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Debate: Should Workers Organize Workplaces or Industries?


Sectoral bargaining means looking for labor power not solely in individual workplaces but in entire industries. Compared with workers in other wealthy countries, few American workers are in unions, and they have lower standards of living, less employment security, and fewer organizing rights. Elsewhere in the world, sectoral bargaining has allowed labor movements to help more workers, more quickly, than by relying on the shop-by-shop organizing strategy common in the US. The labor movement here should look for inspiration to the African National Congress in South Africa, which legislated sectoral bargaining after smashing apartheid; the striking Amazon workers in Italy two years ago; the 2018 mass strikes against fascism in Argentina; and even its own history.

From 1935 to 1955, the CIO rooted its work in sectoral organizing—in contrast to the AFL’s craft unionism, which excluded most low-wage workers. The more radical CIO organized industries, which meant that each union could win higher wages for hundreds of thousands of auto, steel, and telecom workers in one go. Nearly 80 years ago, after a decade of fierce organizing, the United Auto Workers bargained on behalf of all auto workers. Typically, the union targeted one of the big three automakers: General Motors, Ford, and Chrysler. A labor win at one employer would almost immediately improve conditions across the industry, as the same contract was extended to the other firms’ workers. In the coal and steel industries, sectoral bargaining was more formal, with multiple employers bargaining at the same time. These efforts expanded the share of unionized workers in the private sector from about 13 percent in 1930 to more than 35 percent by 1955. But after that, industry-wide bargaining in the US declined, partly because of anti-union trade policies. Congress never codified sectoral bargaining, nor did it extend it to new enterprises, as happened in most other democracies. The result: Only 6 percent of workers in the private sector are in unions today.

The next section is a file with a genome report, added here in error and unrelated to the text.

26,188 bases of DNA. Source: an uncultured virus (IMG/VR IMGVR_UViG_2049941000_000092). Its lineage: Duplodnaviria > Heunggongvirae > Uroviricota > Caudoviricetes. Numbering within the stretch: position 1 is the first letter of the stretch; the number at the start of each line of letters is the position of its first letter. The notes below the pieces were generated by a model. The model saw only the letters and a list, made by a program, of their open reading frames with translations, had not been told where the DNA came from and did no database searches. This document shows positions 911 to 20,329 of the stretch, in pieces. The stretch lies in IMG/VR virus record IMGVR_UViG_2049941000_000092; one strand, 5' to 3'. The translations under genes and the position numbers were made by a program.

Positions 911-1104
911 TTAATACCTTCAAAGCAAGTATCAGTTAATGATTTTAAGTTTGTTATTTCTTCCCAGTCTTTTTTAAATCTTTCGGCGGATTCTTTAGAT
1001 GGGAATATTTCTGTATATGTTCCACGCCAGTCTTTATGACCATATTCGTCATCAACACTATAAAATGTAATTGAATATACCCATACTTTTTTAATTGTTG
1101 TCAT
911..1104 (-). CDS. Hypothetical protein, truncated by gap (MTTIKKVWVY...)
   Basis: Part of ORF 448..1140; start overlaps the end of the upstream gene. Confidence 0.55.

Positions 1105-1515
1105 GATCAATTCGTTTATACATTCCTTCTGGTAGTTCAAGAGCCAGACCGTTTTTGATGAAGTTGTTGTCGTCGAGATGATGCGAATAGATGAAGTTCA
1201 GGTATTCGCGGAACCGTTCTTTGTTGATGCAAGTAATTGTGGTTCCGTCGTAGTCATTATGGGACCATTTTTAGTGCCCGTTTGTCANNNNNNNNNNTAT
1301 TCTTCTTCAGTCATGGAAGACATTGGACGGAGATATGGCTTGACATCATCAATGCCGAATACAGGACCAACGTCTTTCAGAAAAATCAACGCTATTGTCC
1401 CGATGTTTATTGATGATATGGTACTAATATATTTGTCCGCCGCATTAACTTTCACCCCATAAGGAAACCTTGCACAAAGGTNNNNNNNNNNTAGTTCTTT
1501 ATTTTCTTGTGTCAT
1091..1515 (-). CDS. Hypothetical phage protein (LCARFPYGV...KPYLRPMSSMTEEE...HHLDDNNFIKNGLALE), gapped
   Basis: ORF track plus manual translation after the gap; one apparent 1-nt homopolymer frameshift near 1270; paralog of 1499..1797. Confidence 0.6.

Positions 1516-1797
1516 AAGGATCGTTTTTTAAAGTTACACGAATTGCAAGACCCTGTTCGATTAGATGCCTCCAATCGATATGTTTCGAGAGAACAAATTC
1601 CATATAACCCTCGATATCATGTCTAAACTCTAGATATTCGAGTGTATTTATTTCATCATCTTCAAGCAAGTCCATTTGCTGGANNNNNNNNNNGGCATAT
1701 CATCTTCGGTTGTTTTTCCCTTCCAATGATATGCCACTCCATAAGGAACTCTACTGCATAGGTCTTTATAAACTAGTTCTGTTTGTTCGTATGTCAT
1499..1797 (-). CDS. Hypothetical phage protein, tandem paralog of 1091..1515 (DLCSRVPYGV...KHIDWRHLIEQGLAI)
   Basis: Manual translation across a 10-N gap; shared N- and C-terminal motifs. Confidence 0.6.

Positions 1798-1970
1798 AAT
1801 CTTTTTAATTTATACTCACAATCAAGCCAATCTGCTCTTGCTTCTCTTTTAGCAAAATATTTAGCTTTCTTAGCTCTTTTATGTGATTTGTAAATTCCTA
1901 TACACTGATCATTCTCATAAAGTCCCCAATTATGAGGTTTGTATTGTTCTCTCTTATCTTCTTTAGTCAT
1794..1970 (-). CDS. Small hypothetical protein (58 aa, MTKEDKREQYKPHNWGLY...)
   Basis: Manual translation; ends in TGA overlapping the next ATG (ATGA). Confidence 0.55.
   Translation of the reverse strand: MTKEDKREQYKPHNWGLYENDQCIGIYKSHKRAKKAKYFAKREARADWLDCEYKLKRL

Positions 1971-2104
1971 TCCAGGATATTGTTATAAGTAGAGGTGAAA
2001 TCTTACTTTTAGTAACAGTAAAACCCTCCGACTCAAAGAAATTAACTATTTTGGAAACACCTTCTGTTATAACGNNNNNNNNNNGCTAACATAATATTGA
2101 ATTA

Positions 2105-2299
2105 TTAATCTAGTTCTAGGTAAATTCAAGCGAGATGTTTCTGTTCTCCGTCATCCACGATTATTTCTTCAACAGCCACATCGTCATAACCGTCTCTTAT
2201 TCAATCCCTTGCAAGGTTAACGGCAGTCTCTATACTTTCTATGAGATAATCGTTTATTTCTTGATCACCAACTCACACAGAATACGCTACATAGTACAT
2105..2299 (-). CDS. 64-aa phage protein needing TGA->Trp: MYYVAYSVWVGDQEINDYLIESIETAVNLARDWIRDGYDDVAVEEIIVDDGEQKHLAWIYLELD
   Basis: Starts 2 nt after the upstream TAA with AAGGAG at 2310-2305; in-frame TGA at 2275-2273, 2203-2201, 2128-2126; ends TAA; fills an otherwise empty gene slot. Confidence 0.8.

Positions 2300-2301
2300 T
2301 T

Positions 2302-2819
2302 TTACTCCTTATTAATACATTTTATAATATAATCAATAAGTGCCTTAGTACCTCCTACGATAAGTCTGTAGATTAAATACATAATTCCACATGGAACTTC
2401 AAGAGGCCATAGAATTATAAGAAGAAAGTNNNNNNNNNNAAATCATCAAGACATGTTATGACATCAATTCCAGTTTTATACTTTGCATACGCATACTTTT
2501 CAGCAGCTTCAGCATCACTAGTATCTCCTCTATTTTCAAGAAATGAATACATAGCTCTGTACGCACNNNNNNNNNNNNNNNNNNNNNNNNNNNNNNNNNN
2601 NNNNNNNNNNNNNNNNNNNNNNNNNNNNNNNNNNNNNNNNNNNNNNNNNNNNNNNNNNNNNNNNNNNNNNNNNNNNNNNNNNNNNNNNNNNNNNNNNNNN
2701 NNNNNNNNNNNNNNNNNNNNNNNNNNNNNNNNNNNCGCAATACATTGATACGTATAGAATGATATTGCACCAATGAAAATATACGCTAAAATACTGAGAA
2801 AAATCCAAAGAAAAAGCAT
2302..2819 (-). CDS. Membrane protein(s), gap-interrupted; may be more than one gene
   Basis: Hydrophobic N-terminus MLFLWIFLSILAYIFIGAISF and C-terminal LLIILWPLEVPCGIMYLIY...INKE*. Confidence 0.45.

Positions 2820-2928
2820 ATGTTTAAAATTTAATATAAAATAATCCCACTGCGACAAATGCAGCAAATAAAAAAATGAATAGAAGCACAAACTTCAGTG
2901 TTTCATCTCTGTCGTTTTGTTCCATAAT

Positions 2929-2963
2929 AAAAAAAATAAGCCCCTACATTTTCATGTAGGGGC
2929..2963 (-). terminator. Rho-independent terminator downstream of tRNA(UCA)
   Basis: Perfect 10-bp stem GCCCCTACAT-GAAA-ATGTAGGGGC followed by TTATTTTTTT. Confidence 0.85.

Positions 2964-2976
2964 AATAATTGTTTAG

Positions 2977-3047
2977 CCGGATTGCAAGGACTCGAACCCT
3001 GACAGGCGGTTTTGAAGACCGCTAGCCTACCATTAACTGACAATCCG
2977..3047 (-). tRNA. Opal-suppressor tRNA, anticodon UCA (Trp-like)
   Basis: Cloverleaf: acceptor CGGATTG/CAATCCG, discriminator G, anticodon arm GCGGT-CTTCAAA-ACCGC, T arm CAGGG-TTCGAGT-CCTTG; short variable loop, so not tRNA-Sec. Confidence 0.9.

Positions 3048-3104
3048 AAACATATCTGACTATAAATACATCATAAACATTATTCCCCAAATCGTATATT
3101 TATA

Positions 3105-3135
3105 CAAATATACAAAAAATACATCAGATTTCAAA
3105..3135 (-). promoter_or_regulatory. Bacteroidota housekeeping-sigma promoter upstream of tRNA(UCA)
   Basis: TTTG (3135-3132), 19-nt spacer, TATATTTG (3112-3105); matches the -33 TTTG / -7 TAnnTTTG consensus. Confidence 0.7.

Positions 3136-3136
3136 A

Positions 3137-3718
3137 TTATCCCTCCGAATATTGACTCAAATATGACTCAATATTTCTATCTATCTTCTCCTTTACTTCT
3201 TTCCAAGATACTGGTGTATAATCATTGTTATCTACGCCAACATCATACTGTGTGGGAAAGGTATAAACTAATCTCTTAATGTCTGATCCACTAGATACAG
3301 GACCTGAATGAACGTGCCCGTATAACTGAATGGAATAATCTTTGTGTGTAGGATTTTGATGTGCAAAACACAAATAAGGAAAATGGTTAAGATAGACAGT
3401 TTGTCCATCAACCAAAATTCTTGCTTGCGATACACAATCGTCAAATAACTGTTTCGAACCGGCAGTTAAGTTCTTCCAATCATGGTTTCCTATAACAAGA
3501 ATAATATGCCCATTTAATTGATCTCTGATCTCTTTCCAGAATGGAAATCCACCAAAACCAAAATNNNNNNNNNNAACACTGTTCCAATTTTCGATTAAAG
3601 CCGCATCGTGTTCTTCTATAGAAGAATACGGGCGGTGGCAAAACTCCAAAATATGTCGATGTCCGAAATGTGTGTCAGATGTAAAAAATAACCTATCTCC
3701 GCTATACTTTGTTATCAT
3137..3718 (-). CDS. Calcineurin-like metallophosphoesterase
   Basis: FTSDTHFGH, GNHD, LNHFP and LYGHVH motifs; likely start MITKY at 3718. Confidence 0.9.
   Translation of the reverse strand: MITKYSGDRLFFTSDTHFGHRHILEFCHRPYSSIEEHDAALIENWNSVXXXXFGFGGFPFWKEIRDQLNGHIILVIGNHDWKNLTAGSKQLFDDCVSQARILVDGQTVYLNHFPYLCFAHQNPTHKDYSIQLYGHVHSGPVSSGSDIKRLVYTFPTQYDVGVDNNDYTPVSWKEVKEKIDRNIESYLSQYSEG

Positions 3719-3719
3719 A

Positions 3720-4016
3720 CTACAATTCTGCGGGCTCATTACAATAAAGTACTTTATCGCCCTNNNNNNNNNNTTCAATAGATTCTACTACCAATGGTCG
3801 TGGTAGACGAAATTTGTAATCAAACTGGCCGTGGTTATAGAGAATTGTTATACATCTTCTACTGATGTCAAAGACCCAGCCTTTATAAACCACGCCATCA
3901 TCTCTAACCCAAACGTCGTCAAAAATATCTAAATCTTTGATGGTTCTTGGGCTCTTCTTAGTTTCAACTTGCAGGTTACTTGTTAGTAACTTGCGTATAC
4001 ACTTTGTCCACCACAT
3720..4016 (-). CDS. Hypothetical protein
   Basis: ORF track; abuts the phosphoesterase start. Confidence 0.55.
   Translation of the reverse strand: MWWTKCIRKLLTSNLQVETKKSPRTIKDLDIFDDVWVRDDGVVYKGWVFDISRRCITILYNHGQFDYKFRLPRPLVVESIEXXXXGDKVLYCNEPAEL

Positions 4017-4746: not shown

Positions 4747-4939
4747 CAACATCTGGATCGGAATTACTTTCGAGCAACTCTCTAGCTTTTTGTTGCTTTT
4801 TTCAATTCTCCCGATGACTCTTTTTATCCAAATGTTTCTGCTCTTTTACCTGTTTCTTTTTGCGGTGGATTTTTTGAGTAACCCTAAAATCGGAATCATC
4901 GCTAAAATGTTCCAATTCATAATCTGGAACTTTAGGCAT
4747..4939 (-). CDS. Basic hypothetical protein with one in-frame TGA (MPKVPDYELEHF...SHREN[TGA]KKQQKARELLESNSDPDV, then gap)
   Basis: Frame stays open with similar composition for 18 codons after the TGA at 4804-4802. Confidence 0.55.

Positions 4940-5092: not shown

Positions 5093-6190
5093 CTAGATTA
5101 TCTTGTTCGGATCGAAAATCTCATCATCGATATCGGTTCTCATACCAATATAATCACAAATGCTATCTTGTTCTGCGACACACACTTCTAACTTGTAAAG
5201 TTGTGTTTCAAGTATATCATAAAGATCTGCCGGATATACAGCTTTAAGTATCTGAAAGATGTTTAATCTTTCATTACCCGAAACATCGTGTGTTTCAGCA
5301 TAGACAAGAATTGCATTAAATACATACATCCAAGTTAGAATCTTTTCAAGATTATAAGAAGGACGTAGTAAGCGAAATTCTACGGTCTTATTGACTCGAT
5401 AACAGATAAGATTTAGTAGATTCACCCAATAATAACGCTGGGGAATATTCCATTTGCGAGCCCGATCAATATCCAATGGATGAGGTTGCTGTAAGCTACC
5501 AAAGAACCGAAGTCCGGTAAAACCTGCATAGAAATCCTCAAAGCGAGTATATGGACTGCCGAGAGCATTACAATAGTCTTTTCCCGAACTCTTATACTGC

Sectoral bargaining is a desirable goal, but prioritizing this fight puts the cart before the horse. The labor movement currently faces a far more urgent task: organizing unorganized workers into unions.

Increasing employees’ collective power on the ground is the most realistic path to bringing bosses from across an industry to the bargaining table. US labor leaders too often treat sectoral bargaining as a strategic alternative to the daunting work of organizing workers shop by shop. But hoping for a quick policy fix overlooks the fact that centralized negotiations in Europe largely arose as a response from employers hoping to tame powerful local unions and strike militancy. And once European labor movements found themselves on the retreat in the 1990s, centralized bargaining was often either scrapped or came to serve as a mechanism to impose austerity and deregulation.

Without a bedrock of worker associational power, sectoral bargaining is unlikely to get widely implemented—at least not in a manner favorable to working people.

Fortunately, we’re living in one of the ripest moments for workplace organizing in decades. Young, radicalized workers are overwhelmingly pro-union and eager to take on the billionaire class. Their ability to do so has been boosted by a tight labor market, the spread of digital technologies, and a new Biden-appointed National Labor Relations Board that is aiding unionization for the first time in decades.

Unfortunately, even last year’s string of high-profile unionization victories—from Starbucks to Amazon to media outlets to retail stores and beyond—has not yet proved sufficient to snap the leaders of most national unions out of their defensive posture. Instead, the AFL-CIO’s June 2022 convention set a far-from-ambitious goal: 1 million new members over the next 10 years. Achieving no more than this would result in a drop in union density, since the total workforce is set to grow at a faster pace than the AFL-CIO’s organizing goal.

Read entire article at The Nation